udev - permissions for generic scsi devices. - Slackware

This is a discussion on udev - permissions for generic scsi devices. - Slackware ; Chaps, I want to set5 the permissions on /dev/sg* to 666 to allow my scanning software (Vuescan) work as a user. I've been through the udev rules and changed what appears to be the appropriate lines: # permissions for SCSI ...

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Thread: udev - permissions for generic scsi devices.

  1. udev - permissions for generic scsi devices.

    Chaps,

    I want to set5 the permissions on /dev/sg* to 666 to allow my scanning
    software (Vuescan) work as a user. I've been through the udev rules and
    changed what appears to be the appropriate lines:

    # permissions for SCSI sg/tape devices
    SUBSYSTEMS=="scsi", KERNEL=="s[gt][0-9]*", ATTRS{type}=="5", NAME="%k",
    GROUP="cdrom", MODE="0666"

    Mode was 0660 which, as you can see, I have changed to 0666. However, this
    does not do the trick, they are still 0660 on reboot.

    Thoughts?

    Pete

    --
    http://www.petezilla.co.uk

  2. Re: udev - permissions for generic scsi devices.

    On 11/11/07 11:55, Peter Chant wrote:
    > Chaps,
    >
    > I want to set5 the permissions on /dev/sg* to 666 to allow my scanning
    > software (Vuescan) work as a user. I've been through the udev rules and
    > changed what appears to be the appropriate lines:
    >
    > # permissions for SCSI sg/tape devices
    > SUBSYSTEMS=="scsi", KERNEL=="s[gt][0-9]*", ATTRS{type}=="5", NAME="%k",
    > GROUP="cdrom", MODE="0666"
    >
    > Mode was 0660 which, as you can see, I have changed to 0666. However, this
    > does not do the trick, they are still 0660 on reboot.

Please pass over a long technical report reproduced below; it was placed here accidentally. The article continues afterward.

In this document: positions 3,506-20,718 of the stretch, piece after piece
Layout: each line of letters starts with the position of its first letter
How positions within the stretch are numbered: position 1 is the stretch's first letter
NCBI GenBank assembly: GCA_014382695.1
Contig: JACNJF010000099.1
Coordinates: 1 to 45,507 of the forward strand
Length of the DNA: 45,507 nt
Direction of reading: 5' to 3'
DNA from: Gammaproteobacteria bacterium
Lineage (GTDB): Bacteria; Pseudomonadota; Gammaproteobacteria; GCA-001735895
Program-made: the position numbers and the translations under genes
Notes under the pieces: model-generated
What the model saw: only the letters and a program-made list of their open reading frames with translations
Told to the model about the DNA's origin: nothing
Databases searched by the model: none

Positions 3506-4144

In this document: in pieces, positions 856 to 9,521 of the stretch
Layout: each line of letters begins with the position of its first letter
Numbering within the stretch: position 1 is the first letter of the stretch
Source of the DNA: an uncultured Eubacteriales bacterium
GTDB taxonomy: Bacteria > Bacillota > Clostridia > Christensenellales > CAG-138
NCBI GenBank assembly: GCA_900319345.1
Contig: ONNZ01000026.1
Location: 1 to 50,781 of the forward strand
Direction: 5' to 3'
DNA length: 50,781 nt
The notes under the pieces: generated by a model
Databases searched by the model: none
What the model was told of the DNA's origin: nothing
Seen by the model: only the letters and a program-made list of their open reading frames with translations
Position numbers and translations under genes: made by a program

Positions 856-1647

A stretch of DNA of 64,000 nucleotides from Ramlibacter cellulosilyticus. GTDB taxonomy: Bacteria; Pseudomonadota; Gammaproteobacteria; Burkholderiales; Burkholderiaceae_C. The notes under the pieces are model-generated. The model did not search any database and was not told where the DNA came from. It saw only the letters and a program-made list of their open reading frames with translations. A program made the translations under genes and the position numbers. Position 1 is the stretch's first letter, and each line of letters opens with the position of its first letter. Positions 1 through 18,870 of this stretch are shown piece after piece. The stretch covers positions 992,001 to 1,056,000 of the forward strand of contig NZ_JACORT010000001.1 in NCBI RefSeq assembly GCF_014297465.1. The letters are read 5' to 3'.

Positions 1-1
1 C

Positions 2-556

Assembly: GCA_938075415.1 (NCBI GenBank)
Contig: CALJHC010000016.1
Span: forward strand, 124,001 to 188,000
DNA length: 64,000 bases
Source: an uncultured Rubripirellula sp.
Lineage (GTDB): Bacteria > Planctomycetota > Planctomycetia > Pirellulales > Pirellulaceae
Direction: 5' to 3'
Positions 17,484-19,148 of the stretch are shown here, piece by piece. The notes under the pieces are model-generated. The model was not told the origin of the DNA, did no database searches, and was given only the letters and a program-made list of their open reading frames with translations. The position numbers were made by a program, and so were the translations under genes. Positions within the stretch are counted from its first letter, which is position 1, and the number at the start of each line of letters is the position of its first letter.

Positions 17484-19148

>
    > Thoughts?


    Add the relevant users that are allowed to use the devices to the
    group ("cdrom" ?) assigned to /dev/sg*

    Ciao
    Giovanni
    --
    A computer is like an air conditioner,
    it stops working when you open Windows.
    Registered Linux user #337974 < http://giovanni.homelinux.net/ >

  3. Re: udev - permissions for generic scsi devices.

    Giovanni wrote:


    >> # permissions for SCSI sg/tape devices
    >> SUBSYSTEMS=="scsi", KERNEL=="s[gt][0-9]*", ATTRS{type}=="5", NAME="%k",
    >> GROUP="cdrom", MODE="0666"


    > Add the relevant users that are allowed to use the devices to the
    > group ("cdrom" ?) assigned to /dev/sg*


    I see what you mean, but /dev/sg* is uid root, group id root. So either I
    don't understand udev (yes) or this line is not working!

    Pete

    --
    http://www.petezilla.co.uk

  4. Re: udev - permissions for generic scsi devices.

    On 11/11/07 12:35, Peter Chant wrote:

    >> Add the relevant users that are allowed to use the devices to the
    >> group ("cdrom" ?) assigned to /dev/sg*

    >
    > I see what you mean, but /dev/sg* is uid root, group id root. So either I
    > don't understand udev (yes) or this line is not working!
    >


    Sorry. My scanner is an USB device and it worked after I added the
    user to the proper group. But this is a different problem.

    Ciao
    Giovanni
    --
    A computer is like an air conditioner,
    it stops working when you open Windows.
    Registered Linux user #337974 < http://giovanni.homelinux.net/ >

  5. Re: udev - permissions for generic scsi devices.


    Peter Chant wrote :

    > Thoughts?


    I think you should take a look at /etc/udev/rules.d/80-libsane.rules
    --
    Thomas O.

    This area is designed to become quite warm during normal operation.

  6. Re: udev - permissions for generic scsi devices.

    Thomas Overgaard wrote:

    >
    > Peter Chant wrote :
    >
    >> Thoughts?

    >
    > I think you should take a look at /etc/udev/rules.d/80-libsane.rules


    Scanner not listed. Also that file appears to be for usb scanners and the
    one in question is SCSI.

    Pete

    --
    http://www.petezilla.co.uk

  7. Re: udev - permissions for generic scsi devices.


    Peter Chant wrote :

    > Scanner not listed. Also that file appears to be for usb scanners and the
    > one in question is SCSI.


    Then try this. Run this command and replace sgX with the device your
    scanner is using:
    udevinfo -a -p /sys/class/scsi_generic/sgX

    Find this line(replace xxxXXxxx with whatever model you have):
    SYSFS{model}="xxxXXXxxx"

    Then add this line to 50-udev.rules:
    SUBSYSTEMS=="scsi", SYSFS{model}="xxxXXXxxx", NAME="%k",
    SYMLINK="scanner", MODE="0666", GROUP="scanner"

    Now your scanner should be found at /dev/scanner, and the permission
    should be 666. But 660 would do if you add your User to the scanner
    group.
    --
    Thomas O.

    This area is designed to become quite warm during normal operation.